worker sandblastingSand Blasting

Sand-blasting machines are typically employed in projects requiring a uniform matte texture. The process (also known as beadblasting) forces sand, steel shots, metal pellets or other abrasives into a substrate at high speed. This results in a smooth, clean product texture, particularly in soft metals.

Powder Coating

Powder coating applies a decorative finish that is similar to paint, but with greater durability. The process involves melting dry plastic powder onto the metal to produce a textured, matte, or glossy coating. A textured powder-coating machine is also highly effective in removing surface defects.

Hot Blackening

Hot blackening machines spread a thin layer of black oxide onto a product’s surface to create a matte black finish with high abrasion resistance. It is a high-temperature process in which the product is inserted into a series of tanks containing cleaners, caustics, and coolants. Hot blackening is most commonly used in the production of automotive parts, tools, and firearms.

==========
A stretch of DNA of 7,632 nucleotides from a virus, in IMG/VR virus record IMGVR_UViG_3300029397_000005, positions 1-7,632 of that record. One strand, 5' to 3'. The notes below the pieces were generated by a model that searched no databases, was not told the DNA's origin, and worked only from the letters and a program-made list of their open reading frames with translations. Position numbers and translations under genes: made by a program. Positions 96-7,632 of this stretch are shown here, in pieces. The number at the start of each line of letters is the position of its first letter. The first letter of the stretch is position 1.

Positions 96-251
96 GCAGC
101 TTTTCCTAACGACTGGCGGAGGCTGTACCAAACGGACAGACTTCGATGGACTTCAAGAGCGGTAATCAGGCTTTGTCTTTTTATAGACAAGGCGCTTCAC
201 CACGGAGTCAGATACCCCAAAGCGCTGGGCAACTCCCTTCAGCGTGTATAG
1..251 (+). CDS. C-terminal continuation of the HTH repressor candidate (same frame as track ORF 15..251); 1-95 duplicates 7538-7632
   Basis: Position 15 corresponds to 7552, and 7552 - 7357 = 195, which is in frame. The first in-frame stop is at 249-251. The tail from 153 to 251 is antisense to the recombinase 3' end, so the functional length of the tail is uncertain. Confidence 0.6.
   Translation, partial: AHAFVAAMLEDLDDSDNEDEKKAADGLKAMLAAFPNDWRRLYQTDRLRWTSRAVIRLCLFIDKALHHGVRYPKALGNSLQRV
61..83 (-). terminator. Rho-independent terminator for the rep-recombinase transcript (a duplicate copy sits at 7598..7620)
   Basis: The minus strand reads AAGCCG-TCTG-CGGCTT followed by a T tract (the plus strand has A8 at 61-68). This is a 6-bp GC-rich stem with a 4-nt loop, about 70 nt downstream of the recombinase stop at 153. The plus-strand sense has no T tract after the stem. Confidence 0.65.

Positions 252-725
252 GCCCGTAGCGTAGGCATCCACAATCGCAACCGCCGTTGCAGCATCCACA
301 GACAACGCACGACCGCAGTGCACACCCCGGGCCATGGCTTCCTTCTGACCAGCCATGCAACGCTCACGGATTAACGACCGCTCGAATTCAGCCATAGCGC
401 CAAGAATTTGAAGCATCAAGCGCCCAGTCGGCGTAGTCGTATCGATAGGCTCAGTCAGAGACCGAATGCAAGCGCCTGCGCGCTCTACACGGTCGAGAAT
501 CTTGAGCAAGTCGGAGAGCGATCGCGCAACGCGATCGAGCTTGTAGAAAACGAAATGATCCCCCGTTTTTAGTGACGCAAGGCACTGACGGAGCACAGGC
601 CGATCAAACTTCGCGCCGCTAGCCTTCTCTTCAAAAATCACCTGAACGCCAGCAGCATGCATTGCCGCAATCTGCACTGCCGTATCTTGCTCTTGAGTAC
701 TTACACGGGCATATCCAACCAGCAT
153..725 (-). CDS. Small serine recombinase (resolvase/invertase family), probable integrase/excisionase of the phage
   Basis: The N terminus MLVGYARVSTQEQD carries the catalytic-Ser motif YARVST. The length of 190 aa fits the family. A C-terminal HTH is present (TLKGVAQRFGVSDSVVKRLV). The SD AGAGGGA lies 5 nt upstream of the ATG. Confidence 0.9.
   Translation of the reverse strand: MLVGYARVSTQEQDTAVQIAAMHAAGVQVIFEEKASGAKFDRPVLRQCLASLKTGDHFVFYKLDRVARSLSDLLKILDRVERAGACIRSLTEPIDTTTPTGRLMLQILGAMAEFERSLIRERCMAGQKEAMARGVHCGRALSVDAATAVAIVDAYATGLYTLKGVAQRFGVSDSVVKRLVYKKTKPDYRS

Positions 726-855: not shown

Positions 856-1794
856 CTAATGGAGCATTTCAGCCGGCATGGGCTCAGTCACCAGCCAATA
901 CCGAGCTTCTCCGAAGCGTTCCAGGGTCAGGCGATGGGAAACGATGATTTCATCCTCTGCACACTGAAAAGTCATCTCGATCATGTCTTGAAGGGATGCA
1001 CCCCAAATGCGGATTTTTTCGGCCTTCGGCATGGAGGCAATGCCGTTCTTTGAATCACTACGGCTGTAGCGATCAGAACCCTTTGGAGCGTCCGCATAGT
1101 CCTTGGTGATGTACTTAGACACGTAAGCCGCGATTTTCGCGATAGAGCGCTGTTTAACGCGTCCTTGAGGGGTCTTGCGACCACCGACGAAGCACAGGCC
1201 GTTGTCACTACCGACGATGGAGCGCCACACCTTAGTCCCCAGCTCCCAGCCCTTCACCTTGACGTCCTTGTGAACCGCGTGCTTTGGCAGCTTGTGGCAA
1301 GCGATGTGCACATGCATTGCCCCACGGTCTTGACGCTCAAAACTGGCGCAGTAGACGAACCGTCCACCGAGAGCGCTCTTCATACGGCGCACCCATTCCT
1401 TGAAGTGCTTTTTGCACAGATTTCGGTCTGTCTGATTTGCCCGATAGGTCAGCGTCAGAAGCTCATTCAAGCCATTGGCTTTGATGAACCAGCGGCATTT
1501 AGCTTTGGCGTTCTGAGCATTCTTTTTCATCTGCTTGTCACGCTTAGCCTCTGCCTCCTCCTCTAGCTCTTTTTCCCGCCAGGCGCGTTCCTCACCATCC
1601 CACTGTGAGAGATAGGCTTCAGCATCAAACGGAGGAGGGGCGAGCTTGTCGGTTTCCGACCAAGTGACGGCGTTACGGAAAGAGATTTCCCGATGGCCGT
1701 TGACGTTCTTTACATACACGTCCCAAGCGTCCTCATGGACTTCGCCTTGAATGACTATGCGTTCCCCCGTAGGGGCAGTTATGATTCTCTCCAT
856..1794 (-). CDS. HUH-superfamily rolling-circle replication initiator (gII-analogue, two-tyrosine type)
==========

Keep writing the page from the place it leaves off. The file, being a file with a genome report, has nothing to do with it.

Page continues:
Choosing a Metal Finishing Process

There are a few considerations that can help you narrow your choices in selecting a metal finishing technique suitable for your project. Some helpful things to keep in mind are:

  • Production speed: How quickly does the technique apply finish to the product?
  • Cost-effectiveness: Certain finishing machines (such as vibratory tumblers) can be expensive, but may compensate for their price by delivering faster cycle rates
  • Metal hardness: harder metals usually require more intense finishing techniques, like grinding, or may need tougher abrasives than those used on softer materials
  • Potential for vulcanization
Basic metal finishing, Von Fraunhofer, 1976